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The Student News Site of Texas A&M University - College Station

The Battalion

The Student News Site of Texas A&M University - College Station

The Battalion

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Criticism: Tuning into true classics

BVSO
Photo by Courtesy of BVSO
BVSO

Serenity, beauty and an ode to loved ones: the three key ingredients to the classic, multi-movement serenade piece.
On Sunday, Nov. 14, the Brazos Valley Symphony Orchestra, or BVSO, performed its “Wind Serenade” concert, featuring a select group of winds in Rudder Theatre. Directed by Marcelo Bussiki, these three selections brought a calm — serene, even — environment to local audiences.
Though some audiences may be familiar with the work of Mozart, Dvoák and Strauss, concert-goers had the opportunity to arrive early for a talk, hosted by Ann Thompson, on the history of the composers and their music. Since the repertoire performed by BVSO is often hundreds of years old, these built-in lessons create an accessible and enjoyable experience for all.
This concert — the second in the 40th year of the BVSO — was led by the wind instruments: flutes, clarinets, oboes, bassoons and French horns. The stars of this concert, however, were the principal clarinetist and oboist, Jill Stewart and Rebecca Fairweather-Haskins, respectively.
The ensemble jumped right into the heart of the concert, with the full eight movements of Mozart’s “Serenade No. 10, K. 361/K370a ‘Gran Partita’ in B Flat Major.” This piece is nearly an hour long, but the density was nonetheless greatly appreciated by audience members who had gone over a year without the local symphony orchestra.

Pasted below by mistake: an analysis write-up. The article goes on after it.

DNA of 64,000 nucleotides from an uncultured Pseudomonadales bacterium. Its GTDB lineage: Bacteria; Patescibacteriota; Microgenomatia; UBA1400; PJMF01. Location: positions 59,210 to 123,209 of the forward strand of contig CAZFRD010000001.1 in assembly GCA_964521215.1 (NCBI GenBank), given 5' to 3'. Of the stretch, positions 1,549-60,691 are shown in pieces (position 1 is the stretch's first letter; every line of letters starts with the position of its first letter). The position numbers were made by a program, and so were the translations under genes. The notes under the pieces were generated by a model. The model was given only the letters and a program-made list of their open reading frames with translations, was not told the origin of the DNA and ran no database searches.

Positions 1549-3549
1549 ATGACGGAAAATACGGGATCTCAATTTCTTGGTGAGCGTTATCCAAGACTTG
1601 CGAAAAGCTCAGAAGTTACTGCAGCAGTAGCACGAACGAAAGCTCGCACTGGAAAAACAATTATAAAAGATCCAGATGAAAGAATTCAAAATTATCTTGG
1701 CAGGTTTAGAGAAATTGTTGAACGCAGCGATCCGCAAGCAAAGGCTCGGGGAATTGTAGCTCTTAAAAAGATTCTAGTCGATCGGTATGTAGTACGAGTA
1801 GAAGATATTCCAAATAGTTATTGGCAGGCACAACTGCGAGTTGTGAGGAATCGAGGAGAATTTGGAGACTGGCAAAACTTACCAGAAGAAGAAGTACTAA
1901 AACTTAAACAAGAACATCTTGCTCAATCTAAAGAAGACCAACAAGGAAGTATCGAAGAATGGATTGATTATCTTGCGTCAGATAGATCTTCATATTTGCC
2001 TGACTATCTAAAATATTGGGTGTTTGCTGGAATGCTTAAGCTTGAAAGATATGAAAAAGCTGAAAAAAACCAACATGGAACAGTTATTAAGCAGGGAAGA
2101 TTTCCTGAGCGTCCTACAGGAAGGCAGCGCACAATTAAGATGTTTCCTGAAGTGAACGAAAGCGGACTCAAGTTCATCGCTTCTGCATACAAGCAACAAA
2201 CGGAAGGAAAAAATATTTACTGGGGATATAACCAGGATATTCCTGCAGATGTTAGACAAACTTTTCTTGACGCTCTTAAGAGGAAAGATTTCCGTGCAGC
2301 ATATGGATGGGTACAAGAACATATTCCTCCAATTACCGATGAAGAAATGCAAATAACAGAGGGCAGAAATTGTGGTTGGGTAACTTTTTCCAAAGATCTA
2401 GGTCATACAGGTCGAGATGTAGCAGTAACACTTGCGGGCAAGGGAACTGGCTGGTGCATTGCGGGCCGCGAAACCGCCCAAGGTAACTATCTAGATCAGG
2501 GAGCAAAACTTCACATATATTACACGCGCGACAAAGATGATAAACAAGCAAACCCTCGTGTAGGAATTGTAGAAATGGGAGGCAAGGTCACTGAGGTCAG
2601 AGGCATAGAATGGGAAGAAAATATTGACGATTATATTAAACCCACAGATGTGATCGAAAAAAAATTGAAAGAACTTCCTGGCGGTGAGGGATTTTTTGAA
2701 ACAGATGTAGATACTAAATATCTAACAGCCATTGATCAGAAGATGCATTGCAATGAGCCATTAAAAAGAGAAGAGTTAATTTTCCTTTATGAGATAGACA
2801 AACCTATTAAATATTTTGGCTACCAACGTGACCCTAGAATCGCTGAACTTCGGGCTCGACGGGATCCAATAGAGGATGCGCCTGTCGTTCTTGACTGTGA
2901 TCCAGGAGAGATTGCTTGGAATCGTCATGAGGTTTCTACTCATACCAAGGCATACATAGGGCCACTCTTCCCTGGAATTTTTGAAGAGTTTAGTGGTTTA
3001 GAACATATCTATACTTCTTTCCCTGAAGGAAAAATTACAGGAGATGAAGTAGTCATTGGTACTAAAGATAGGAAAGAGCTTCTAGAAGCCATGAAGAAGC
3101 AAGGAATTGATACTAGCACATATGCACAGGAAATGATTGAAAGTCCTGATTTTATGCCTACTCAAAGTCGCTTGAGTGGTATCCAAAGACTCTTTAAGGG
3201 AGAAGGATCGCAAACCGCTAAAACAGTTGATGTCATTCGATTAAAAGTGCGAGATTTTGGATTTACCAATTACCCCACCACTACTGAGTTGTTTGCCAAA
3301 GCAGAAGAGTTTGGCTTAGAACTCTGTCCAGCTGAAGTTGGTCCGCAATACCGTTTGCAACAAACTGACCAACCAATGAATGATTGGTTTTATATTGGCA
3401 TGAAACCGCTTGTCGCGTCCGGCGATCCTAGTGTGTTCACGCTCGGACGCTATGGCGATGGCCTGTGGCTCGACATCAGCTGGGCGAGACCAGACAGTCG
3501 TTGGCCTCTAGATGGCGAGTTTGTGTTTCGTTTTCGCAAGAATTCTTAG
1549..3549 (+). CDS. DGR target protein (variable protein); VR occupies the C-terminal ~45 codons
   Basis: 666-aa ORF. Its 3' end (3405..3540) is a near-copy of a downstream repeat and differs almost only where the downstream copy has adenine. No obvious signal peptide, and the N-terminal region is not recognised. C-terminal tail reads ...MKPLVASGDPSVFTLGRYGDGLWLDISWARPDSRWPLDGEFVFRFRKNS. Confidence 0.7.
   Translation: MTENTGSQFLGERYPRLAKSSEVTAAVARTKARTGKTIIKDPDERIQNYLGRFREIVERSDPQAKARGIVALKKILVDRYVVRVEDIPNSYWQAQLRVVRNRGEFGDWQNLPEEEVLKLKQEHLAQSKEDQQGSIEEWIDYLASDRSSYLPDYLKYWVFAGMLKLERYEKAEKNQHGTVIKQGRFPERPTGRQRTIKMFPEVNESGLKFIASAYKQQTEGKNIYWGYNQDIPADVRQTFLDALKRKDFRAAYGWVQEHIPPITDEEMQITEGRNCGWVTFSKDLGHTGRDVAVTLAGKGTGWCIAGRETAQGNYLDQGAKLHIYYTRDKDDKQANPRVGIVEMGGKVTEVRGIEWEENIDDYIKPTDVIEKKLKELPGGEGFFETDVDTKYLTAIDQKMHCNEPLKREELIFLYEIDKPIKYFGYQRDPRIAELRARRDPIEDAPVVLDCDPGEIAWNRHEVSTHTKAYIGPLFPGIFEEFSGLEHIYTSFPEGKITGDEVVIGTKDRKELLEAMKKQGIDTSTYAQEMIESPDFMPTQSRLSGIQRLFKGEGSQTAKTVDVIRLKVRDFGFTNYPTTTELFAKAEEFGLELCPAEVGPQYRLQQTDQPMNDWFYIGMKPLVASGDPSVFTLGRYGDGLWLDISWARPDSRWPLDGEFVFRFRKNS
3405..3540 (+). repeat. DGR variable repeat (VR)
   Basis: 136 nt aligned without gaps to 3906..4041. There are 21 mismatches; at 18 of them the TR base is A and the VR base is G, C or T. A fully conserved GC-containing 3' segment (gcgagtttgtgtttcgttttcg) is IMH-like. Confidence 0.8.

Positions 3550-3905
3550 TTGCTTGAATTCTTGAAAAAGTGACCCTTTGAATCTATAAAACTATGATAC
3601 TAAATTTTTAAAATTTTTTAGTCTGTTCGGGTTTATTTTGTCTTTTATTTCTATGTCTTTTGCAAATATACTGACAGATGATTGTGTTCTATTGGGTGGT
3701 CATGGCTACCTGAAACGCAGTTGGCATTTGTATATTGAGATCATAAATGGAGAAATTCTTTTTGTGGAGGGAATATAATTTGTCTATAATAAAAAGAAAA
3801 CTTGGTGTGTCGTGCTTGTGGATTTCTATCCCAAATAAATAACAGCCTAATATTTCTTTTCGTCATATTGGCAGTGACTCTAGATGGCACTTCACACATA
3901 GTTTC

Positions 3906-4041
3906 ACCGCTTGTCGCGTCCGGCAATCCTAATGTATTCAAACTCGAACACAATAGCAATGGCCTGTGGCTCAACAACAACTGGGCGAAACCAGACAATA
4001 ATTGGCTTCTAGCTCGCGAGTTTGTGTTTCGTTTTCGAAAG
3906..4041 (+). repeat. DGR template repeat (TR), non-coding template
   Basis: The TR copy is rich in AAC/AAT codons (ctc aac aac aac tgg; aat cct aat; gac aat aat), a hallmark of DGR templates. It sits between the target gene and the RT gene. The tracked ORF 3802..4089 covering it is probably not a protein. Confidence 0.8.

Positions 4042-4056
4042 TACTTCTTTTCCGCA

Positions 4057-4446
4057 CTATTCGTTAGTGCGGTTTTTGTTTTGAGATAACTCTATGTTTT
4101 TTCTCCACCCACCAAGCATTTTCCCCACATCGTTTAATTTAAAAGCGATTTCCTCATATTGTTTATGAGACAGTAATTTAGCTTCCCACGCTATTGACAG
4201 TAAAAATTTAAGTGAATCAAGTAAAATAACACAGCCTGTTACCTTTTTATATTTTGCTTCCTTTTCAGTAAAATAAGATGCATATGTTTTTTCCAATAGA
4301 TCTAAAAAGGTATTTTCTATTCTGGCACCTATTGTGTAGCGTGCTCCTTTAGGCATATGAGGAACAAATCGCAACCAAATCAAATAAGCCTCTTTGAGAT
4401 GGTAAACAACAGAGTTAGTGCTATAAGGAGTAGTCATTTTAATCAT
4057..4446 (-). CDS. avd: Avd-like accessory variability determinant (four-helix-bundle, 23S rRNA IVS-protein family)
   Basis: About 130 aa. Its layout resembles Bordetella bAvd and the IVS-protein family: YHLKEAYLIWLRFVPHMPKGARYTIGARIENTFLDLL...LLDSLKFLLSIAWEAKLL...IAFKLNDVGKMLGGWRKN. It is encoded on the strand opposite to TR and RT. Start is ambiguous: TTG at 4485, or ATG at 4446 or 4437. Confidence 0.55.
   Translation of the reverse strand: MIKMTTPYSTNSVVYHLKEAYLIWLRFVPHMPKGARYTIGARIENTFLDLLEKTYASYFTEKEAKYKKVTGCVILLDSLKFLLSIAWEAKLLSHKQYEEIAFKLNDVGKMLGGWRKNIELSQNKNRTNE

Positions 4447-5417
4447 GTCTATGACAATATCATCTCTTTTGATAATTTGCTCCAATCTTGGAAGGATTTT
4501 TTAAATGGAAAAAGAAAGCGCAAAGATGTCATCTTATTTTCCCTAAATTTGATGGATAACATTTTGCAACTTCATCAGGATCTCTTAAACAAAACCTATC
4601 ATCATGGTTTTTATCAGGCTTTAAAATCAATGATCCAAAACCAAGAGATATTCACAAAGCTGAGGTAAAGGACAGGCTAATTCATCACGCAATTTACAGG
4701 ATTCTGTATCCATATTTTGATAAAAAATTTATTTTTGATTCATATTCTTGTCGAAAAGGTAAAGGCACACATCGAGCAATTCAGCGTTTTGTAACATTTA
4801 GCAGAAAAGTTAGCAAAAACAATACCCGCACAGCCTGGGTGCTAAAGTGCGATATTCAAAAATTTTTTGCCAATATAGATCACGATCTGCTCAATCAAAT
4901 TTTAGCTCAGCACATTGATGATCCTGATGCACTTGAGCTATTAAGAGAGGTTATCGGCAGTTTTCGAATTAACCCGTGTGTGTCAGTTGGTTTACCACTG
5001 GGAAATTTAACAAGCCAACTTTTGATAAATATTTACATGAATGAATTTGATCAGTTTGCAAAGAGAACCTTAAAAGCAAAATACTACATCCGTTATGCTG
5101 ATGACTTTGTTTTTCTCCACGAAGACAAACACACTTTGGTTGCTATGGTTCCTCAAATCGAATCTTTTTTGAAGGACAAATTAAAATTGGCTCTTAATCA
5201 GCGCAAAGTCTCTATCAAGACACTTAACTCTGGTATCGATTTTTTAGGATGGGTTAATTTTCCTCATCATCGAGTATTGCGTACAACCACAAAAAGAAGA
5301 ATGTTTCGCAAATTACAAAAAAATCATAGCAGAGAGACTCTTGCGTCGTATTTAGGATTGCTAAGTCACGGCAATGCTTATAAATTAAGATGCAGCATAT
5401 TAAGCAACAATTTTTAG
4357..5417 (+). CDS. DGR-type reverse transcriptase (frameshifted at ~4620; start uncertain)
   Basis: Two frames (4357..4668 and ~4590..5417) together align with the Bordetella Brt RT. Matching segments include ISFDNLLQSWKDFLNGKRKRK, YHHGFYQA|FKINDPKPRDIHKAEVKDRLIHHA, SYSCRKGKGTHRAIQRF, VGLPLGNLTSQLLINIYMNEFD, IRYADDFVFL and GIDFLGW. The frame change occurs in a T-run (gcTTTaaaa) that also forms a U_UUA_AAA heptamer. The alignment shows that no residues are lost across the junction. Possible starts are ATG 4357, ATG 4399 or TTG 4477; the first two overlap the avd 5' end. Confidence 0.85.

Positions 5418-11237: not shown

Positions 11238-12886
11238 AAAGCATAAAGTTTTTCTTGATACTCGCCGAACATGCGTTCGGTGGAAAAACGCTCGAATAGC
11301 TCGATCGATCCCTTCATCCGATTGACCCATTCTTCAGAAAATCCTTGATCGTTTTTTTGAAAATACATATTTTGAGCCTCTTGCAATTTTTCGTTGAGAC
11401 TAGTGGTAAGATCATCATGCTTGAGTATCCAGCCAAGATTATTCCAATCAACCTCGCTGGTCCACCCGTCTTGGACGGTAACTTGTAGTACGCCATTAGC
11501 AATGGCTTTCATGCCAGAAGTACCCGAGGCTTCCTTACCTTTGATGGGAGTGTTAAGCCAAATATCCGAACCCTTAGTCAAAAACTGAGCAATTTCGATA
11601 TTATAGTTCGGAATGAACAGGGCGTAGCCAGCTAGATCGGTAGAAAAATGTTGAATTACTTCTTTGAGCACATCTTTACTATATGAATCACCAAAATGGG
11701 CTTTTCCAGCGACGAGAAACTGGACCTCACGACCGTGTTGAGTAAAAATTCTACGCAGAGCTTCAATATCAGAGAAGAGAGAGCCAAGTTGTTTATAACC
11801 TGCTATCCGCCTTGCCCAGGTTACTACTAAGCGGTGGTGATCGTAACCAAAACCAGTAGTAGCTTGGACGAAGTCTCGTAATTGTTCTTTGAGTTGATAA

For those unfamiliar with the serenade, this Mozart piece is truly a paragon of the format, balancing the reservation and hesitation of love through the clarinet with the excitement and conversation of a new relationship as the clarinet and oboe engage in a dialogue of sorts, responding in kind to each of the woodwind phrases.
However, due to the immense length, this piece is not for the impatient or new orchestra fans, as the eight movements, without break, can be confusing to dissect and differentiate.
On the other hand, “Serenade in E Flat Major, Op. 7” by Strauss, clocking in at just under 10 minutes, is a fabulous introduction to the serenade. Much of the simplicity of this piece is due to the inspiration it draws from Mozart, as well as Mendelssohn — another prolific composer.
The gentle horn and sweeping motion throughout allowed for a culmination of a more dramatic sound, contrasting with the initially light and gentle piece.
Finally, Dvoák’s “Serenade for Wind Instruments, Op. 44 in D Minor” rounded out the concert, bringing in an additional voice of the cello, which served as an echo for the bassoon features, played by Eric Stone Miller. Alongside a featured cellist, Miller was able to both synchronize their deeper instrumental voices as well as create a back-and-forth dialogue, creating a deeper, more dramatic sound for the middle movements.
Overall, the concert was a warm welcome back to the world of symphony orchestra, due not only to the expected talent of performers, but also the choice to make the repertoire a true ode to the Brazos Valley community, which continually supports the ensemble. For audiences hoping to join the future, BVSO’s 40th season will resume with its annual “Holiday Pops” concert on Dec. 12.

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